Summer Youth Programming at Minnetonka Center for the Arts

Minnetonka Center for the Arts offers a full palette of youth programming.

There’s a conversation happening at the Minnetonka Center for the Arts. “Art is a way of communicating,” artist Ruth Mason says. “It’s this wonderful language, and people can connect and reach other people.”  

For six years, Mason has served as an instructor for the center’s youth, summer camp and outreach programs. “I love their open minds,” she says of children. “They are open to new ideas. That part is so refreshing.”

Mason, who primarily teaches painting, said artists come from a place of “art making”—a place where uniqueness and experimentation is embraced. She said children respond to this teaching philosophy, and the synergistic relationship between artist and student is part of what Mason finds inspiring.

Students can discover their own inspiration through the breadth and scope of classes at the art center. This time of year, school-age children stand at the threshold of summer, when education and creativity don’t have to take a vacation. The summer arts camp, which runs June 15 to August 28, offers more than 150 classes that are brimming with creative ways for children ages 5 to 15 to learn.

Imagine spending summertime in a field of artist Georgia O’Keeffe’s poppies or immersed in the world of British environmental artist Andy Goldsworthy. Summer arts camp has featured classes highlighting those artists’ work, and others involving mosaic art, drama production, stone carving, comic book illustrations, black-and-white photography, graffiti and aerosol art, glass fusing, ceramics, sculpture, drawing and painting.

MCFTA offers a myriad of classes, from the basics of painting to stone carving and glass fusing.

According to Sara Skalle, communications director at MCFTA, this summer’s course offerings will feature returning classes and lots of new programming. Nicole Buchholz, the art center’s children and youth programs director, is making a concerted effort to feature mixed-media arts in this summer’s lineup. “I think that there’s a chance to make some artistic decisions to see how different mediums can work together,” she says. “It’s exciting to see how something can evolve.”
Minnetonka’s Sophie Billadeau, 8, has been enrolled in painting and summer camp classes at the art center for three years. Her mother, Julie Fenyk, says, “It’s broadening for her,” adding that the instruction is top quality. “The painting was phenomenal,” Fenyk says of the classes. “For what you get, the cost is reasonable.”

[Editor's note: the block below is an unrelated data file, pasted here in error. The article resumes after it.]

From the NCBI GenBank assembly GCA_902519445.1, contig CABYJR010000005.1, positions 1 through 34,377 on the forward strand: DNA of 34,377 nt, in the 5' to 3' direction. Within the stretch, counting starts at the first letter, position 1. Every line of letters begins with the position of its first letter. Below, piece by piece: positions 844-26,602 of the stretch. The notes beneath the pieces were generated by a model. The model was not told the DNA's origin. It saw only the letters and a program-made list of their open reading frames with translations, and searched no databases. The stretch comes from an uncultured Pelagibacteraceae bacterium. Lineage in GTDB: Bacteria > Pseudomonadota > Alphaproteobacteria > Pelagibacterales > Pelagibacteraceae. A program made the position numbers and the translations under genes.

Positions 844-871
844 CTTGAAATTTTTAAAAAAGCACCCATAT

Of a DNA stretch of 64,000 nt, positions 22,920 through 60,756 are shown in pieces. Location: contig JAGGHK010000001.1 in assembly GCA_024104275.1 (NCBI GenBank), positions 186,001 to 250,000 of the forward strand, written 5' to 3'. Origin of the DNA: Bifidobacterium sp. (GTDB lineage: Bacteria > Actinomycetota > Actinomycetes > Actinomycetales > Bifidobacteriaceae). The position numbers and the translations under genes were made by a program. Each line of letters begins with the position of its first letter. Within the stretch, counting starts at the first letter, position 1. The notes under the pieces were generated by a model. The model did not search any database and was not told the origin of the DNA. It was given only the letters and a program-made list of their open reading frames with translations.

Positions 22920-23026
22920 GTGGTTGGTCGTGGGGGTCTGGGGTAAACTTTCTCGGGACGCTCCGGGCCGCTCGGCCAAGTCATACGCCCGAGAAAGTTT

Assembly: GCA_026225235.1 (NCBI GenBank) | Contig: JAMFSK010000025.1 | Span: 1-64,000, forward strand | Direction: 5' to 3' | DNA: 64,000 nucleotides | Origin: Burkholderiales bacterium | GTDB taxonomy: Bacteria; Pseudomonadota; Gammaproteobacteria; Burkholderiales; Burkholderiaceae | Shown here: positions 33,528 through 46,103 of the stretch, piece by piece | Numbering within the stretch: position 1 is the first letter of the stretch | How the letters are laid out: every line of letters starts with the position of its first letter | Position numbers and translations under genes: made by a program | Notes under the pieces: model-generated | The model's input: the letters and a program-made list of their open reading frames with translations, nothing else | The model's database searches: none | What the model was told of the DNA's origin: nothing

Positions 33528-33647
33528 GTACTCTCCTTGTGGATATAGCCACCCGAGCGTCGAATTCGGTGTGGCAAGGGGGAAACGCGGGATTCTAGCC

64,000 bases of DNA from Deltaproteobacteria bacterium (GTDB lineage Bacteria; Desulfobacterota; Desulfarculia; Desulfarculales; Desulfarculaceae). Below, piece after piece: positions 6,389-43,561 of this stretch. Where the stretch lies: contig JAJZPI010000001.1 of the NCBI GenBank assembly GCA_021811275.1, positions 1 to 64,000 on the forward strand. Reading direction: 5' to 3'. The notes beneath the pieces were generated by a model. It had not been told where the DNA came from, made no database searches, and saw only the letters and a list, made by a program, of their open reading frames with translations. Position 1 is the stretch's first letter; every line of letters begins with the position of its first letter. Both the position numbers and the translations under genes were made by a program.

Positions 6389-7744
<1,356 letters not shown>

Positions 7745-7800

With approximately 2,400 children in classes, maintaining affordability for the broadest audience is an important mission, according to Skalle. Classes are offered below cost, with tuition taking care of 65 percent of operating costs and the remaining 35 percent coming from the Minnesota State Arts Board, the McKnight Foundation, the National Endowment for the Arts and independent donations.

During the school year, after-school programs and Saturday art classes in many mediums for all ages are offered, as well as intergenerational family workshops. While some classes explore the basics of painting, drawing and ceramics, other programs delve into stone carving, glass fusing and illustrating students’ favorite books.

Students with varying artistic ability and experience attend the classes. “We try to develop professional artists when we can,” Skalle says. Part of the professional experience can be gleaned by experiencing the art exhibit process from beginning to end. Once a year, the center presents a nonjuried student art show open for students 16 years and older. Skalle says the experience provides students with confidence, adding the public event, “really builds community.”

The center reaches out to the broader community through several programs, including those offered to schools. “[We] also facilitate all-day or half-day art experiences for interested west metro schools, such as the Northwest Suburban High School [Conference] and Groveland Elementary School, hosting more than 100 students working in every studio in our facility,” Skalle notes.

As Buchholz creates the youth art curriculum, she recognizes that one of the essential elements in the program’s success is the quality of the teaching artists. Instructors hail from different corner of the art world. Teachers come from the Minneapolis College of Art and Design, art-related career fairs and through the recommendation of other art professionals. Buchholz emphasizes that it’s important for children to “have the chance to exercise that creative muscle and learn from a professional artist.”

Sign up for classes or learn more about the programming at or by calling 952.473.7361.